My dad had been telling me to replace the tires on my car for weeks. The rubber had become bald to the point where I was basically driving on four inner tubes, but being the lazy halfwit that I am, I just didn’t feel like driving down and getting them switched out. Not to mention the couple hundred dollars it was going to cost me to do so. So I kept driving on them. Delivering pizzas all over town, I paid no mind to the accident waiting to happen spinning underneath me.
Then on Sunday night the weather took a turn for the disgusting. On Monday morning with a half-inch of sleet on the roads, I set off for work like I do every other normal day. I drove slowly to be cautious, but even so, as I crested the big, several-mile-long hill that would take me down into town, the inevitable happened. I began to slide. What simply alarmed me at first quickly then began to scare me. I spun, and sloshed, and before I knew it I was sliding sideways down a hill into oncoming traffic, and there was almost nothing I could do.
Another element that elevated this slippery situation into the arena of the “OH MY GOD” was the fact that I was blaring You, Whom I Have Always Hated, the recent collaborative album by The Body and Thou, at the time. I always listen to music in the car since I spend so much of my time in there, but the fact that I was listening to this particular album at this particular moment was almost hysterical in its irony. Here I was, spinning downhill, brakes locked, thinking that I was going to die while listening to this album that is almost comically fixated on death and destruction at an almost inexcusable volume. Let me put it this way, if this occurrence were a scene in a movie it would certainly have been slow-motion for maximum effect. Speed ramp that shit.
Then, at the pinnacle of my panic and right before smashing into an oncoming truck, my little blue car whipped back around and instead smashed into the guardrail on the right side of the road. (If you’ve ever wondered just how strong those tin-foil-looking rails are, it turns out, pretty damn strong.)
Eventually I reached the bottom of the hill, shaken, shaking, and probably a little crazy-eyed. I remember pulling over, putting my head back, and closing my eyes with The Body and Thou still raising hell, buzzing through my feeble car speakers. And as the metal blasted on the heels of this near-death experience, I also remember thinking about just how heavy these songs felt in my already weighted chest—and also maybe about the fact that Chip King does kind of sound like a woman screaming sometimes.
These are two metal bands at the peak of their careers, so listening to this album is already an intense experience on its own, and yet I had just had the fortune (I guess you could call it fortune) to forge an even more intense personal experience with it. It heightened my senses and pulled me in and turned what was already an unforgettable instance into an absurdly unforgettable one.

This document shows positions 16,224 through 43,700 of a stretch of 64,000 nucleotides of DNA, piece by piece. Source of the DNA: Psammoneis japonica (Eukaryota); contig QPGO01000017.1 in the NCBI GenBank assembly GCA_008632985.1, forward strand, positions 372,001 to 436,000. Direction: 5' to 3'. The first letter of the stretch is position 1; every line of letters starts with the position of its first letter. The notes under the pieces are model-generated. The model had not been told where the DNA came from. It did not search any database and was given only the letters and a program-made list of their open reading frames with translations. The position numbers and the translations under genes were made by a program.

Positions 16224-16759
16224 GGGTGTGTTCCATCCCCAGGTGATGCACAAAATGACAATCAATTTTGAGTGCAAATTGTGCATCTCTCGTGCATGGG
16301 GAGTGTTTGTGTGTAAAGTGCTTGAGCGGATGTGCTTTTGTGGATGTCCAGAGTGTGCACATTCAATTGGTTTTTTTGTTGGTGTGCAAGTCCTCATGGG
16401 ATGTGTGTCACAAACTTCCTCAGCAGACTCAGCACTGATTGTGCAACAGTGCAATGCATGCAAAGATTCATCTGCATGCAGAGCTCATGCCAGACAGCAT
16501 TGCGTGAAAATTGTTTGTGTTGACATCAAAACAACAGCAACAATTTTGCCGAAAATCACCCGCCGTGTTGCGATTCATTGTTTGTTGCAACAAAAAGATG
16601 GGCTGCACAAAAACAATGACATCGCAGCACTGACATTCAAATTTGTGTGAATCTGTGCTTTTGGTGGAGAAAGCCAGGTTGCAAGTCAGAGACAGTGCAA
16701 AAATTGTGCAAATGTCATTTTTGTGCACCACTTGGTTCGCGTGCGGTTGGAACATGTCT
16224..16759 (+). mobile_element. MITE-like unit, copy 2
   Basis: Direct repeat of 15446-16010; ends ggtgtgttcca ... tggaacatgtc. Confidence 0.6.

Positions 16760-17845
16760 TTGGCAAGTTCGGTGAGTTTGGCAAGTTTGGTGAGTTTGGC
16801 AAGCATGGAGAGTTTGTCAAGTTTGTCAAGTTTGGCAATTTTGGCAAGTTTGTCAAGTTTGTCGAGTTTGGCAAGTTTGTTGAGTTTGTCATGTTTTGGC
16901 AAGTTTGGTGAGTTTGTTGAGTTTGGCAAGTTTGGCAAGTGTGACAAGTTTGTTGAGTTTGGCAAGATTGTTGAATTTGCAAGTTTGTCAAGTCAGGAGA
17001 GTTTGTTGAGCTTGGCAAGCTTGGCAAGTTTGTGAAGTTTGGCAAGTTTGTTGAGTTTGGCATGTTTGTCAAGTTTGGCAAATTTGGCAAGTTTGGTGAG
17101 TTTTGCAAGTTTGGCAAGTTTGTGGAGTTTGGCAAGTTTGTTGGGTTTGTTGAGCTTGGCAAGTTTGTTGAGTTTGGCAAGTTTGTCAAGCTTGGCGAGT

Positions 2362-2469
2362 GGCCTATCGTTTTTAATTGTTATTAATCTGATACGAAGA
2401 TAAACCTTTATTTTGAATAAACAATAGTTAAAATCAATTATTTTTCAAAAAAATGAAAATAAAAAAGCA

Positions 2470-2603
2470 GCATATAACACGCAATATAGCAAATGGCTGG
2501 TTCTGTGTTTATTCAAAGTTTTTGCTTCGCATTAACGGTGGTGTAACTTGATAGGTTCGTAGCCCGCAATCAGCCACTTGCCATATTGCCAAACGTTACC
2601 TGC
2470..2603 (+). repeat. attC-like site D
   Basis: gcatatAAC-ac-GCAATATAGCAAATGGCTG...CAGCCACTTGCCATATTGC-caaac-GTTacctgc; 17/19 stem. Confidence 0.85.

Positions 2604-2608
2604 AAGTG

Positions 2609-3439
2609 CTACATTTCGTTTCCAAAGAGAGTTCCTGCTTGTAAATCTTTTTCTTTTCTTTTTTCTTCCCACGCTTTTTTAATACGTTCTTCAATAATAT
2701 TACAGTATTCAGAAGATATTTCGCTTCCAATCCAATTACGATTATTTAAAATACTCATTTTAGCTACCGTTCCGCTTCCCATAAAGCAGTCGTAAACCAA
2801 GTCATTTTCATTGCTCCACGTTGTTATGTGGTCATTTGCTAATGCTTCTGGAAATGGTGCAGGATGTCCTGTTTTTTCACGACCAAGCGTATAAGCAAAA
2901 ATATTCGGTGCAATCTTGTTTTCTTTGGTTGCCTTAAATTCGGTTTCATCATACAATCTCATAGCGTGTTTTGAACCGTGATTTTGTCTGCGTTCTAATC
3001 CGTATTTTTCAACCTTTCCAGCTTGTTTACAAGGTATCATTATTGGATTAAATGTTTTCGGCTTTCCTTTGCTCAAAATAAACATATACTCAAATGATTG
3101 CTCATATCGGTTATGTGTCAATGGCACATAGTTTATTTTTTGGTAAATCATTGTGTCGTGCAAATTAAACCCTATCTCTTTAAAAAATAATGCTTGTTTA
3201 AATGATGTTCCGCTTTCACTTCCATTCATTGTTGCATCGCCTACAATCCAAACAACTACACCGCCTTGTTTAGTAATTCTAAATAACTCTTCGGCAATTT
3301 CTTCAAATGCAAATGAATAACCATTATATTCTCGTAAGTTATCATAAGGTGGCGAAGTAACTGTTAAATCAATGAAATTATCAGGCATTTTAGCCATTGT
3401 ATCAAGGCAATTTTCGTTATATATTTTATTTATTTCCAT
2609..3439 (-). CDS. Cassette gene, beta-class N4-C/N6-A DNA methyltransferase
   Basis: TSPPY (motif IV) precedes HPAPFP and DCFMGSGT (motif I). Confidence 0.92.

Last year The Body and Thou respectively put out I Shall Die Here and Heathen to critical acclaim with both albums arguably being the bands’ best material to date. Then, somewhere along the line and on the back of a successful tour, they also found time to come together on Released from Love, a cheeky little EP that managed to level the landscape while also whetting the appetites of voracious metal fans everywhere. Stressing that the release was a collaboration and not a split, the bands fused their sounds together into some grotesque monster supersound, melding metal with metal and sending it home on a hailstorm of riffs and punishing feedback. These two bands had thoroughly explored their own territories to a T and with Released from Love they instead turned their sites towards weathering the badlands in between their camps and staking it out for future damage.
That damage, as it turns out, arrives later this month in the form of You, Whom I Have Always Hated, the very album that carried me down that icy hill in a fit of squealing tires and human screams—both theirs and mine. To say that this album is heavy is the understatement of the year. Imagine hundreds of cords snaked across the floor plugged into stacks on stacks on stacks of massive amps. Now imagine the sheer weight of sound that would come barreling out of those speakers. The Body and Thou have found a way to harness that gargantuan energy and smelt it down into a brick of blistering brutality for no other reason than the fact that they could.
There is an air of “Yeah, let’s do it!” that permeates this whole album, and for as dark and depressing it can seem on the surface, it’s also an album that feels spontaneous, fun, and energetic. These guys aren’t pushing any boundaries, but honestly they aren’t trying to. We didn’t need this album, but it’s one that we got. And though I might be a tad bit hesitant to press play on it on my way to work tomorrow, I imagine that I’ll do it just the same. Plus I’m taking my dad’s car to work tomorrow while he’s out of town because, hey, had to get those tires replaced eventually.
You, Whom I Have Always Hated will be out on January 27th via Thrill Jockey.